One tip for Venice

Venice, Italy is a difficult city to be a tourist in.  Which is funny because the city is full of them.  There are so many tourists that that fact alone makes visiting it seem daunting or challenging.  The usual advice is to go in the off season and not during one of their big festivals like Carnival (in February).  And while that advice is solid there is one more tip I have to offer if this is a city that is on your must-see’s or bucket list.

The one tip I have is understandably hard to do when one is on holiday/vacation.  That is to get up early.  I don’t mean early, I mean before the sun rises.  I mean when it is still dark out.  I took someone else’s advice and did so when I visited Venice mid-October.  The sun rises at the time of year around 7:30AM.  I was out and about at 5:30AM.  It wasn’t easy to get up at 4:45AM, shower, eat a granola bar and back my purse up but it WAS worth it.  It was one of the most memorable days in Venice because I wasn’t dodging people left and right, fighting pigeons or frequently getting lost (because of the people).

What I saw was wonderful.  I saw how Venetians live.  I saw St Marque’s getting swept up, the markets getting ready, parents taking their children to school.  I was actually seeing the real Venice (sans tourists).  The people who make the city run to serve the large number of people who invade it during ‘normal’ hours.  You catch people in their moment’s and finding yourself seeing life through their eyes.  It is sight that no tour company can provide.


After watching the city wake up as well as the sun, I got a cup of Italian coffee (cappuccino) in the morning and made my way back to the hotel for their breakfast.  I didn’t rush through breakfast either.  I was able to enjoy it without thinking about where I had to go or planning my day.  My day was basically half done.  I had seen the best part of Venice – its people living.

How do you take the photo?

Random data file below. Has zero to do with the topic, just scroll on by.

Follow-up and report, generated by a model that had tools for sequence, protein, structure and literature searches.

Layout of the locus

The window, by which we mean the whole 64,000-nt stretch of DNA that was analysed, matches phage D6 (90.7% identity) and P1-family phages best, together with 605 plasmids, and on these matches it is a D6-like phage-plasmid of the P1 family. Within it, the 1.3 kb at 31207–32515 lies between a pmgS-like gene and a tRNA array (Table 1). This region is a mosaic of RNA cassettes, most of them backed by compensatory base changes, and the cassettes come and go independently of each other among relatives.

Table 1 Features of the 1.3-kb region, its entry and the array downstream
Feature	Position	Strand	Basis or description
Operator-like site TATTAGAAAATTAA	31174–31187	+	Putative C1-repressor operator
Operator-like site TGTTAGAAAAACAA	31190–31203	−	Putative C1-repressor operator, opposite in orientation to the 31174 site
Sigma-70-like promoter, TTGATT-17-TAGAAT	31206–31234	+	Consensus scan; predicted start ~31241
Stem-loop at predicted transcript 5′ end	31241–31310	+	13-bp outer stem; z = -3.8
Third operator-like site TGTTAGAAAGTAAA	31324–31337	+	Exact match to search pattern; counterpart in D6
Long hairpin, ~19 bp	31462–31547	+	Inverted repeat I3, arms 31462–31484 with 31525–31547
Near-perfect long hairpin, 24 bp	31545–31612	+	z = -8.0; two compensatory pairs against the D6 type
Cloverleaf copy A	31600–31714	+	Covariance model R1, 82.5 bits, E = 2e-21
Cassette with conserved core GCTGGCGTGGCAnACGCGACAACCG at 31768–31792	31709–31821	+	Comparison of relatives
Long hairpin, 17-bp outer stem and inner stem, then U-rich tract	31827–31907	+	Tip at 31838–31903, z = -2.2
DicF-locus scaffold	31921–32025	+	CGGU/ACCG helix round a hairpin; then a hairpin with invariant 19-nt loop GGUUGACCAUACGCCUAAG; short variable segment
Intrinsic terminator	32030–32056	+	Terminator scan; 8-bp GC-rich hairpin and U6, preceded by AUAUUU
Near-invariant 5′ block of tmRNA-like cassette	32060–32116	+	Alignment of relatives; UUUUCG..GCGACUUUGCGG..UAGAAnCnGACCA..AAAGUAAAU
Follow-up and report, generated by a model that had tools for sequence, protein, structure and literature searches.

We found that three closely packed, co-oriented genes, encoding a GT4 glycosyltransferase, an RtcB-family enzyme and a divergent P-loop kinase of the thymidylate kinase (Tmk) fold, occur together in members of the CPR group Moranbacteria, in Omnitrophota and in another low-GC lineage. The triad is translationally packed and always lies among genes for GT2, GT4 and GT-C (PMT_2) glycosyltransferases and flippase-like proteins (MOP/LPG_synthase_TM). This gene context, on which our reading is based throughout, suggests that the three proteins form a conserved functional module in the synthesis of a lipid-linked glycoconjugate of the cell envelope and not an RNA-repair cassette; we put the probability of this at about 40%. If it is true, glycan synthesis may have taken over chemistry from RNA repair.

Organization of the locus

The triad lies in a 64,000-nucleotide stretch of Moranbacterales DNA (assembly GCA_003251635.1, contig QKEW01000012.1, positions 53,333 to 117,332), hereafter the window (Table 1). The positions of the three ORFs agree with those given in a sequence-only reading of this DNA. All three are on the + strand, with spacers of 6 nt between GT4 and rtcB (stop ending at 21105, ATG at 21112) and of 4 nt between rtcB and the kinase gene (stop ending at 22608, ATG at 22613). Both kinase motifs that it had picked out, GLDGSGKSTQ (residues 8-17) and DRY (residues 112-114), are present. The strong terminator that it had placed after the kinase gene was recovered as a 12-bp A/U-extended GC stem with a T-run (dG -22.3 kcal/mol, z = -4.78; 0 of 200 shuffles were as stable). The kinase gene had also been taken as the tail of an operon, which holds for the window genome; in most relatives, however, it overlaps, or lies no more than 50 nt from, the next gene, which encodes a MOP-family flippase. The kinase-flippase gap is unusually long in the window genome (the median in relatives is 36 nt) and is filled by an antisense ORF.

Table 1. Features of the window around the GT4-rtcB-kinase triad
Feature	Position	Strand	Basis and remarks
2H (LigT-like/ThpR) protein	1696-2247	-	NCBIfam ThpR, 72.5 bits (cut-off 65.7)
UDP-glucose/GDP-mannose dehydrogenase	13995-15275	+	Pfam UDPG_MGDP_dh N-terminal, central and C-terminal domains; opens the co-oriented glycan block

Every once in a while I would like to share with you my thoughts on Photography…especially since it inspired the name of this blog.  Photography is my hobby.  I enjoy it and my goal is to take better pictures…especially when traveling.

On my quest to get awesome travel photos I came across a few tips when photographing the ICONS: The Eiffel Tour, the Colosseum, Big Ben, White House, Empire State Building, Taj Mahal, Sydney Opera House, Golden Gate Bridge etc.  I sum up some info I’ve learned and practiced when taking photos of the ICONS.  Any tips you may have, I welcome them!

Photographing the ICONS:

General rule: Because the icon is recognizable on its own, do something different when taking the photo.

Here are some things I have tried with some ICONS:

1. Take the photo at sunrise

There are a huge number of reasons to get up early when you are on vacation.  There are NO people!  That is unheard of at St Peter’s Square.  And almost every travel photo by professional photographers is taken at sunrise/sunset because of the light.  The basilica is orange during sunrise and disappears with the rising sun.  If you travel in winter (hotel rates are cheaper) sunrise is not that early!  Another reason, if you have a tripod you can take a photo of yourself…with NO people.

(St Peter’s Basilica, Vatican City, Italy)

2.  Take only a part of it

Sometimes less is more.  Almost everyone can recognize this ICON of Paris…why not show it in a different way?  To get a different color of the tower…sunset would be a good option here.  Remove the abundance of people at the base by focusing upwards.

(The Eiffel Tower, Paris, France)

3.  Use the ICON as a backdrop

These sort of pictures can add interest if you plan on making a photo album / slide show / book after your trip.  The color, especially if it is mostly cloudy during your trip, can add a vibrancy to your photos.  I also think that if you want to get a picture of the whole tower you should have your group pose in front of it.  Personally, when I see just a picture of the whole tower and no one I care about is it front of it…it is a dull picture.  Not because the subject is dull but when you google images of the tower you are hit with a plethora of these sort of images.  Why repeat?  You as the subject creates interest in the photo, especially for your audience!

(The Eiffel Tower, Paris, France)

4.  Frame it

Look for natural frames in your environment.  It takes a few seconds to look around and a minute to change your position to get a different shot.  This shot was taken after sunrise so the light is intense but the darkness of the frame dims the brightness.  Also, if you are planning on adding text to the photo for a book / album / slide show, the frame offers a nice backdrop to place text.  I think this could have been improved with a vertical shot.

(St Peter’s Basilica, Vatican City, Italy)

If anyone has any tips or insights or general comments they are welcome!